Chugga-chugga choo-choo!  You can think of a river as a train loaded with water, sand, dirt, and rocks of all shapes and sizes.  As the river-train moves from mountains to the ocean, it drops parts of its load and makes new pieces of land.  Once the river reaches the ocean, its final destination, it is empty.  But what happens to all the stuff it left behind?
The Earth's pull, called gravity, tugs on rain or melting ice, pulling it down the hill.  As streams of water come together, they form rivers, which zigzag through the mountains to escape hard rock.  The river picks up loose dirt and rocks, pushing them along and carving a path that look like the letter "V."  V-shaped valleys are valleys with wide sides and narrow bases that are shaped by rivers.  These are different from U-shaped valleys that ice sheets make.  In those valleys, rocks frozen into the ice grind away both the bottom and the sides of the valley.  

It took a lot of water and a lot of time to make the Grand Canyon look like this.

Sometimes river valleys are very steep and narrow, more like the letter "I" than the letter "V."  These narrow valleys consist of hard walls made of rock that the river has carved out from under the top layer of soil.  They are very similar to canyons, but smaller.  This type of place is a gorge, a narrow valley with steep, rocky walls that lies between two hills or mountains.

Watch your step crossing that bridge.
Photo by Cheile Orzei

Once a river picks up all its rock and dirt "passengers," it has to let them off somewhere.  Some of the rock and soil ride all the way to the end of the line where the river meets the sea.  In these low places, the river spreads out, dumping its load over the shallow part of the beach.  If the sea cannot move all this dirt and rock away from the shore, a triangle-shaped place of rock and dirt is formed, making new coastline.  This is a delta, a flat piece of land that is made when a river meets a quiet body of water like an ocean or even a lake.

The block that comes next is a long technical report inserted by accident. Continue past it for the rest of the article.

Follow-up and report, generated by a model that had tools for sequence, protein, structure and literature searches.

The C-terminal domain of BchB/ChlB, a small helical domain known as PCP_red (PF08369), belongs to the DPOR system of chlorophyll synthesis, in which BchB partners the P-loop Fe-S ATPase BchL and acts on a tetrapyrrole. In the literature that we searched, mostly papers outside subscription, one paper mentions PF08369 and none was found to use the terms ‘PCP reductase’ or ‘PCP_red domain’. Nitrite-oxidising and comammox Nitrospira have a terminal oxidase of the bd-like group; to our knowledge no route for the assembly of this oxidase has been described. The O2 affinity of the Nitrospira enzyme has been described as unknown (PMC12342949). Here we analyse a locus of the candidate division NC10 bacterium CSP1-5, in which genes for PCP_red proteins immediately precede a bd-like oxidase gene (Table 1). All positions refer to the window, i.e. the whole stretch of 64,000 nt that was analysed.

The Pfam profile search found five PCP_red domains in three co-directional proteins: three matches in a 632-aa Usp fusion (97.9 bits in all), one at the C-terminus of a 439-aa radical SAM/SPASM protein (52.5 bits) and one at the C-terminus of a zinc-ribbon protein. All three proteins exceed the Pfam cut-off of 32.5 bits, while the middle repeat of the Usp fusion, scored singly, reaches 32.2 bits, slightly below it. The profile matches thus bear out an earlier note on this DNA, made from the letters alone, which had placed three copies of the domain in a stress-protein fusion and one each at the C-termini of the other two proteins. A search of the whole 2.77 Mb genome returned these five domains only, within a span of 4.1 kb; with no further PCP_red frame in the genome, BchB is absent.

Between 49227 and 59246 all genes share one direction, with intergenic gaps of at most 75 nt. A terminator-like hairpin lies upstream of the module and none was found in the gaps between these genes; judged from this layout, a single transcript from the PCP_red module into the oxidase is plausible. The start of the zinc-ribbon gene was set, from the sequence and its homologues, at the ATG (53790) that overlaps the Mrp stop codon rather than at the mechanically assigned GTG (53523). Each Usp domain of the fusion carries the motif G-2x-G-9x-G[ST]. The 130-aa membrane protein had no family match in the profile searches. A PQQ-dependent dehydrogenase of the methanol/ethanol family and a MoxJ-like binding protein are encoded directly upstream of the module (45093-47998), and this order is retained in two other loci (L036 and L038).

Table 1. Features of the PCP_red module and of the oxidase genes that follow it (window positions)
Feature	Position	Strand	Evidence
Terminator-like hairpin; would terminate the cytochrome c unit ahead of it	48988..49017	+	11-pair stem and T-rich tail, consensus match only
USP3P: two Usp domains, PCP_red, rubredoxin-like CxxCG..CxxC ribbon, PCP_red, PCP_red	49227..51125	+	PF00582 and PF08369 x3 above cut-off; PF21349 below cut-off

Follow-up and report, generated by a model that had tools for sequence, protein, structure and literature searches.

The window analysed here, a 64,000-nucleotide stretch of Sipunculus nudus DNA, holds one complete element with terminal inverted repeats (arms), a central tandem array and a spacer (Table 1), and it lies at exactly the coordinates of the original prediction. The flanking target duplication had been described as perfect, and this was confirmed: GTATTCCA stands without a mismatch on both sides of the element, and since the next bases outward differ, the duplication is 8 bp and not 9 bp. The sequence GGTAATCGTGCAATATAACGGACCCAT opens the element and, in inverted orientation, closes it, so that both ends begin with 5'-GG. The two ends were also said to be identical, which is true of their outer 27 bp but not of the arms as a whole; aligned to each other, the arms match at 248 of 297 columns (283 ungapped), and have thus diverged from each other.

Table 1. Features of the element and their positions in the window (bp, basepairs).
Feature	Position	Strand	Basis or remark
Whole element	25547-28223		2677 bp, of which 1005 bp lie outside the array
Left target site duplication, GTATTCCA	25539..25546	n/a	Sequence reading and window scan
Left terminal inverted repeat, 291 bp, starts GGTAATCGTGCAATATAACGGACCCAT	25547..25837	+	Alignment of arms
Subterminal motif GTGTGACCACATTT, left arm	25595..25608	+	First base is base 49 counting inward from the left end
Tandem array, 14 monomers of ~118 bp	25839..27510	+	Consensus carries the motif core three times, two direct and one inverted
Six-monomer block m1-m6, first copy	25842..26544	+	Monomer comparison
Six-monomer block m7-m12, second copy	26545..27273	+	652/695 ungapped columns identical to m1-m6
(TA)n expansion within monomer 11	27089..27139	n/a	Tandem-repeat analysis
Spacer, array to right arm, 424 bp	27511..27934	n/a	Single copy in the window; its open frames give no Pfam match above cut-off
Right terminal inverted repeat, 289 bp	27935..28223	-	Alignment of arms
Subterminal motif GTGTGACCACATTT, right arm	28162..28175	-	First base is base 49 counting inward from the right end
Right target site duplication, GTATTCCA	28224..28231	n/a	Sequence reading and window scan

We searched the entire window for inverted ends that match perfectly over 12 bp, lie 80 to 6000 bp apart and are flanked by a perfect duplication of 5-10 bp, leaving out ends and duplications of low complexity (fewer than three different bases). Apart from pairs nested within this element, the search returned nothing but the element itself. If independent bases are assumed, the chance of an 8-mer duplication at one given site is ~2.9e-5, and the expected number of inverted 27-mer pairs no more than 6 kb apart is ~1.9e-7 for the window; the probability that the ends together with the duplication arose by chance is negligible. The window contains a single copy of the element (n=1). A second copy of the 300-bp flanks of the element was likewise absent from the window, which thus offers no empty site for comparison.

The Mississippi River forms a massive delta in Louisiana where it meets the Gulf of Mexico.

Rivers can make new land in other places too, even when there is no ocean or lake to run into.  If a river runs down a mountain and spreads out over a flat place, it slows down enough to let the rock and dirt settle out.  In those places, the river also makes triangle-shaped land shapes, but these are not flat like deltas.  Instead, these triangles look more like upside-down ice cream cones that get shorter and shorter.  An alluvial fan is a triangle-shaped piece of land that is made when a river runs down a mountain and spreads out on an open plain of land, spreading out the sand and rocks it was carrying.

You can't cool yourself off on a hot day with an alluvial fan.

Rivers rush along just like trains, carrying sand, rocks and soil from mountains to flat places and even the sea.  All along the way, the river picks up and drops off passengers.  When it picks up passengers, it leaves behind V-shaped valleys and gorges.  When it lets of passengers, the river can make triangular forms either at the water's edge or on a dry plain.  All aboard!


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